I have long been a “church going” person. For me, attending church on a regular basis stems from my upbringing in a very religious household. As a result of my parent’s guidance, when I was seven, I was baptized, at White Rock Baptist Church’s old 52nd and Arch Street location under the pastoral leadership of W. C. Williamson. From my youth until the present, I have maintained active church memberships at White Rock Baptist Church, then Greater White Rock Baptist Church and now, for the past forty years, Salem Baptist Church; a place you can find me practically each Sunday. My belief in God and church attendance are important aspects of my existence. Because of the COVID pandemic, Salem’s Sunday services have been virtual, using YouTube or Face book for the past two years. Our last in-person church service was, interestingly, on Palm Sunday of 2020. I did physically attend two church services, at the invitation of my Pastor, the Reverend Marshall Paul Hughes Mitchell on special occasions during this time; these services were limited to a handful of worshipers. I also participated in several funeral services. But on this Palm Sunday, Salem Baptist Church, returned to in-person worship service which gave me the opportunity to resurrect memories of Palm Sundays, back in the day.
As I thought about physically returning to church today, I could not avoid thinking back to the days when our church was located in Jenkintown, Pennsylvania. What came to mind was not just services on Palm Sunday, but on every Sunday and for every activity held at our Summit Avenue location. Like many churches, parking was a real challenge. Church members had to “jockey” for places to park and parking tickets became a regular source of revenue for Jenkintown Borough as illegal parking was the only option in many instances. I would generally arrive very early for our second church service and double park until someone left from our early service. What a nightmare! You may have noticed that I referred to our second church service as the size of our sanctuary dictated two services for those in attendance. But for today’s Palm Sunday Service, I could arrive and find parking on our new, ten-acre campus in Roslyn Pennsylvania with parking accommodations for 500 plus cars. There would be sufficient space to accommodate a body of thirteen hundred participants. What a relief to begin church service in a hassle-free manner, unlike our experiences at our old facility in Jenkintown, back in the day.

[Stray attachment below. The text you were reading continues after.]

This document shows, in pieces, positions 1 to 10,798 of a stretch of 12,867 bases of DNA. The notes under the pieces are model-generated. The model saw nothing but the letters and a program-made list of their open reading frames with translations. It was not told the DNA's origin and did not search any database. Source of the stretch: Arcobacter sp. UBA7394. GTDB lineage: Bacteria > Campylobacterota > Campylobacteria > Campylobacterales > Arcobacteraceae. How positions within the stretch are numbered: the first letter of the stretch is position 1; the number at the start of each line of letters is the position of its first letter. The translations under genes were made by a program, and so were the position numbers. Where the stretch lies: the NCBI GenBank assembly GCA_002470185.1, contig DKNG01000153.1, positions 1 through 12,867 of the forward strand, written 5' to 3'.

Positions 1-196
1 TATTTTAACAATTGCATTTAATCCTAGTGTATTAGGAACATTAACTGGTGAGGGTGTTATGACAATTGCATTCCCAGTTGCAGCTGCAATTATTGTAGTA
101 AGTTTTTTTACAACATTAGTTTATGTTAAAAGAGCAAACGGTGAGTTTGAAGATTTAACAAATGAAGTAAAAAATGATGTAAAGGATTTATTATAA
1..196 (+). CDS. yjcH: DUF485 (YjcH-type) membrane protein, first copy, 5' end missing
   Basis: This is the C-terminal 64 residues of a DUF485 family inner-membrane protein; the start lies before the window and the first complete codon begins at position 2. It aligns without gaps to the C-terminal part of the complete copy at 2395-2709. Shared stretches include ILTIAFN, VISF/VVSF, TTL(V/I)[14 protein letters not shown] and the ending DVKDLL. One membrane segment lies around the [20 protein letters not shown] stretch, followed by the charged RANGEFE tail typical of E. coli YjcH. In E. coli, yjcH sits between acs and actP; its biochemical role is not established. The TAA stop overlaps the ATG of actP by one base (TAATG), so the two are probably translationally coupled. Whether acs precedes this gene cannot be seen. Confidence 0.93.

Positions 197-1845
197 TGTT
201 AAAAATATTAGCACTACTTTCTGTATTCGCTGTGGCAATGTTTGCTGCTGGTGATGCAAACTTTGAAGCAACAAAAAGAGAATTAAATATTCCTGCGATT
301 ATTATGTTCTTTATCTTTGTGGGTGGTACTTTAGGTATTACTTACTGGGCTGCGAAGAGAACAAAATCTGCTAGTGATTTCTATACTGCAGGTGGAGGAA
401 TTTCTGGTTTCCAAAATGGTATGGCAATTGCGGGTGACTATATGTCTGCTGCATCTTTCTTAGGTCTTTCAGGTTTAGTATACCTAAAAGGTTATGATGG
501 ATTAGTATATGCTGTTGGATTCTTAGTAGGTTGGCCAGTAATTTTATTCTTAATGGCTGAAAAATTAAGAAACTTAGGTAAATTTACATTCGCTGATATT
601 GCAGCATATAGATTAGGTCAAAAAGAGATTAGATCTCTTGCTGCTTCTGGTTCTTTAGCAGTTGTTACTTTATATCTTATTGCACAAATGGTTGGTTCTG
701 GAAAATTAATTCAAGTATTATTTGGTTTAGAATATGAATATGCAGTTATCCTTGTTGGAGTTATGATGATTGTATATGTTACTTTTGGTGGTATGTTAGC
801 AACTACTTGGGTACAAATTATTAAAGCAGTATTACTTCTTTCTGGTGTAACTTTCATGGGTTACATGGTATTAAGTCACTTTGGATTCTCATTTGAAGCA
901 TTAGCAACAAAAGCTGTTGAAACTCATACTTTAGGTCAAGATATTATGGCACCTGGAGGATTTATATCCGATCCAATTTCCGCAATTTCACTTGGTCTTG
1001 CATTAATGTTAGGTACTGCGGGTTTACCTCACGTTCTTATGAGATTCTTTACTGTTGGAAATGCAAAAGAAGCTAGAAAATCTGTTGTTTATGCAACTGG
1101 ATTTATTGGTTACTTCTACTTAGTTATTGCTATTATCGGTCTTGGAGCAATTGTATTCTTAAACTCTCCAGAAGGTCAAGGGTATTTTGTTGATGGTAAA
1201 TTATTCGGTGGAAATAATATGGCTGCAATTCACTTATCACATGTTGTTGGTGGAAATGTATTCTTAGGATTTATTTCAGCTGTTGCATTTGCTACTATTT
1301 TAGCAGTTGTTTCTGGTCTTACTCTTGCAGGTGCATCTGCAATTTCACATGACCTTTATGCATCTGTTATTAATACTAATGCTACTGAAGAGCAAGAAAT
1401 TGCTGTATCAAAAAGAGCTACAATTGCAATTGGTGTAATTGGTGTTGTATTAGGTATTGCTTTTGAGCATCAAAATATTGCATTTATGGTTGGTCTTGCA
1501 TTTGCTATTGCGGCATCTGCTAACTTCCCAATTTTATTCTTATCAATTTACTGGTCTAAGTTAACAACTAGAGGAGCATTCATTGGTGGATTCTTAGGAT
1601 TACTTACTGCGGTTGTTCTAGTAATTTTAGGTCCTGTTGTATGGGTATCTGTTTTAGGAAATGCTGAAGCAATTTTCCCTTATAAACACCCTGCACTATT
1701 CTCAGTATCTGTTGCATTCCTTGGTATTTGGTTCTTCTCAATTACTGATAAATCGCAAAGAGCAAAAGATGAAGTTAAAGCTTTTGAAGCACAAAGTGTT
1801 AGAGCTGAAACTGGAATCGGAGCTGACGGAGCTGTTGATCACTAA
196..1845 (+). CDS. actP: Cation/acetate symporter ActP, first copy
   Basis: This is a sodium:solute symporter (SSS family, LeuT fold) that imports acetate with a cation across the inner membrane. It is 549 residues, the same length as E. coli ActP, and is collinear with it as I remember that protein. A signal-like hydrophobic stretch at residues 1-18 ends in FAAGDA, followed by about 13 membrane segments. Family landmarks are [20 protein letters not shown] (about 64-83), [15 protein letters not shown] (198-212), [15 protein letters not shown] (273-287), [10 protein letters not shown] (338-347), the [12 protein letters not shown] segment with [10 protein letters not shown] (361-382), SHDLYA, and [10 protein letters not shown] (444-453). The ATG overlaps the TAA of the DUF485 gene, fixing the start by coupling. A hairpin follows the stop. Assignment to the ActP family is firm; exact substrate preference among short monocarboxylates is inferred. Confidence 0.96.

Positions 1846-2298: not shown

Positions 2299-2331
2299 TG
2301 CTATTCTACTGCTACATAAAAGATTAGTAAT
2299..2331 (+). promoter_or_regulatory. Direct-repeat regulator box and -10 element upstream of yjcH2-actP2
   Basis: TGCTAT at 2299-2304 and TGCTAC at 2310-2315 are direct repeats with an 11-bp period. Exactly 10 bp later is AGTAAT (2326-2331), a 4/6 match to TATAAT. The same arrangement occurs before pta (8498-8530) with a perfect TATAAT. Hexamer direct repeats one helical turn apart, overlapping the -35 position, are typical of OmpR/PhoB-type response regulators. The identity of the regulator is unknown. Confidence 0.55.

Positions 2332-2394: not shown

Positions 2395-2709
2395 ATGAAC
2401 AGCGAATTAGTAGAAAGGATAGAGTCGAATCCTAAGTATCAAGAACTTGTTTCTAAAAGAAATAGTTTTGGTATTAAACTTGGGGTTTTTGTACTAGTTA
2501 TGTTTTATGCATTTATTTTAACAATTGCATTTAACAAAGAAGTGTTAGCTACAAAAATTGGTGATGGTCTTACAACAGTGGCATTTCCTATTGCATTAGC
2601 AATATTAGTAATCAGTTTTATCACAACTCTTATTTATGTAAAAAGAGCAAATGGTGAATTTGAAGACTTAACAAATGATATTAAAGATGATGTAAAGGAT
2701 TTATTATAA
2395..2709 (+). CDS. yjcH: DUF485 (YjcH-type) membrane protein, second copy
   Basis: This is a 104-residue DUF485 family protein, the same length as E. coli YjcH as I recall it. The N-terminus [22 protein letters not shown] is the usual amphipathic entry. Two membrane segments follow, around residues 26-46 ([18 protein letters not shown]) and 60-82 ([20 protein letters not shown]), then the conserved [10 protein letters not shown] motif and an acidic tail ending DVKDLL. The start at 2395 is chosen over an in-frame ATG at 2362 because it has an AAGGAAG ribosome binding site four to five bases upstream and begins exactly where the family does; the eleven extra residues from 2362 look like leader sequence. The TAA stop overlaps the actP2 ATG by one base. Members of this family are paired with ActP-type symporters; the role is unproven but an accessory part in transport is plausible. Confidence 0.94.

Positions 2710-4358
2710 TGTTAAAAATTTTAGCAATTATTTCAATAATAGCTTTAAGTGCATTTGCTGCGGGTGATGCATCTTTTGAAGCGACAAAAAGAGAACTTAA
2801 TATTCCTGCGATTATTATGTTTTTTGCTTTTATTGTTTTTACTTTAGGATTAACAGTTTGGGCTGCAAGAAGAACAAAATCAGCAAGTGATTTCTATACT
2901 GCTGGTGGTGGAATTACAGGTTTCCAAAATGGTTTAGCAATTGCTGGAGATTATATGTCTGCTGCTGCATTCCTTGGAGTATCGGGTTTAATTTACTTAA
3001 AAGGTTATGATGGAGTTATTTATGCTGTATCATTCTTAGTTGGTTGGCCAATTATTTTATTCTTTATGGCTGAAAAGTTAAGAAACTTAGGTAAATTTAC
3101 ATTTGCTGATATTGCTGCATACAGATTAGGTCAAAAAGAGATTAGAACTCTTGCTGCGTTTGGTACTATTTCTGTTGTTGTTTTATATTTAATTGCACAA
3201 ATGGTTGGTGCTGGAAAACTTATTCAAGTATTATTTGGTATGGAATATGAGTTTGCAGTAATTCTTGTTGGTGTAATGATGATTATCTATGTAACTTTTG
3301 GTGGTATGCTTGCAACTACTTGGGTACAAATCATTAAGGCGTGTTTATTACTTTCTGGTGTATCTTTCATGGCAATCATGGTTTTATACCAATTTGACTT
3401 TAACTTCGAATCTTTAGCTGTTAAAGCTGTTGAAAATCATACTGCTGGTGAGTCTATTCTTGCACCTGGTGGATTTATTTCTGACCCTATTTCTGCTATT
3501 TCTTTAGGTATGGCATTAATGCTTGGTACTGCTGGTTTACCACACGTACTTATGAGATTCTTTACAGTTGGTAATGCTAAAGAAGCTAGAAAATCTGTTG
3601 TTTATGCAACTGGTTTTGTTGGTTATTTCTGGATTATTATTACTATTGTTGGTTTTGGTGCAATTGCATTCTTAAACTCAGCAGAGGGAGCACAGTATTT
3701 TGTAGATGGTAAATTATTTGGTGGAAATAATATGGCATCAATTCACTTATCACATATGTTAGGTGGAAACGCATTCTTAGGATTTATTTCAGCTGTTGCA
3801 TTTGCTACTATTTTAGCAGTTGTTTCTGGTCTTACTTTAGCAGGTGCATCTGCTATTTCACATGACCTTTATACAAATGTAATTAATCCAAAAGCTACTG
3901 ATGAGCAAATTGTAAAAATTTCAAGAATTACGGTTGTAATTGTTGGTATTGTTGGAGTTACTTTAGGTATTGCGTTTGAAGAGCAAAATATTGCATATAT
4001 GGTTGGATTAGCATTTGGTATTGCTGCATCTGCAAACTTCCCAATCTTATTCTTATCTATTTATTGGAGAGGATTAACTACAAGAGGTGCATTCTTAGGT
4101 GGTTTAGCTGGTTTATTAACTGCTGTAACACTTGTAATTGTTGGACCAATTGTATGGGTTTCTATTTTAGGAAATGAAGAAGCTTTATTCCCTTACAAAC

Our Pastor warned church members during last week’s virtual service to be considerate and cooperative with regard to seating. At Salem, many people have what they consider to be their designated seat. Admittedly, I fall into this category. Unlike some members, however, I do not attempt to get people to move if they are sitting in what I consider to be my seat. Seating was certainly on my mind as we returned to church today. Two years ago, a capital improvement campaign provided an opportunity for members to purchase a pew, with a plaque affixed identifying their names or the names of loved ones. My wife and I did just that and I was anxious to sit on my pew for the first time during a worship service, particularly on this Palm Sunday. In order to avoid any issues with someone else being in my “so-called” seat, I made it a point to arrive early to sit in a seat on “my pew.” I had no designated pew at Salem Baptist Church or any church, back in the day.
Arriving at church early was planned to allow me to interact with friends and acquaintances that I had not seen in two years or more. While I knew that this would be a joyous occasion, I also knew there would be moments of pain as I reflected on many that were present on Palm Sunday 2020 who would not be there this Palm Sunday as they have gone to glory. Many of our church members that had passed could not be afforded the customary traditional funeral as was the case back in the day. But I knew that they would be with us in spirit today. I remember their presence in our old church and our new church, and I paused to look around and imagine their faces here today.
Hopefully, today is the beginning of a new day; a day that will eventually become a memory from back in the day. Besides the memories of the past that I have mentioned, we will again join together to pray, to sing, to listen to a moving sermon that is typical of our Pastor, and we will receive Palm leaves that many of us will take home and place behind a picture on our walls, as a matter of tradition. So, on this special Sunday, being able to physically return to church, will resurrect special memories of Palm Sunday not only from two years ago, but for many years attending church services, back in the day.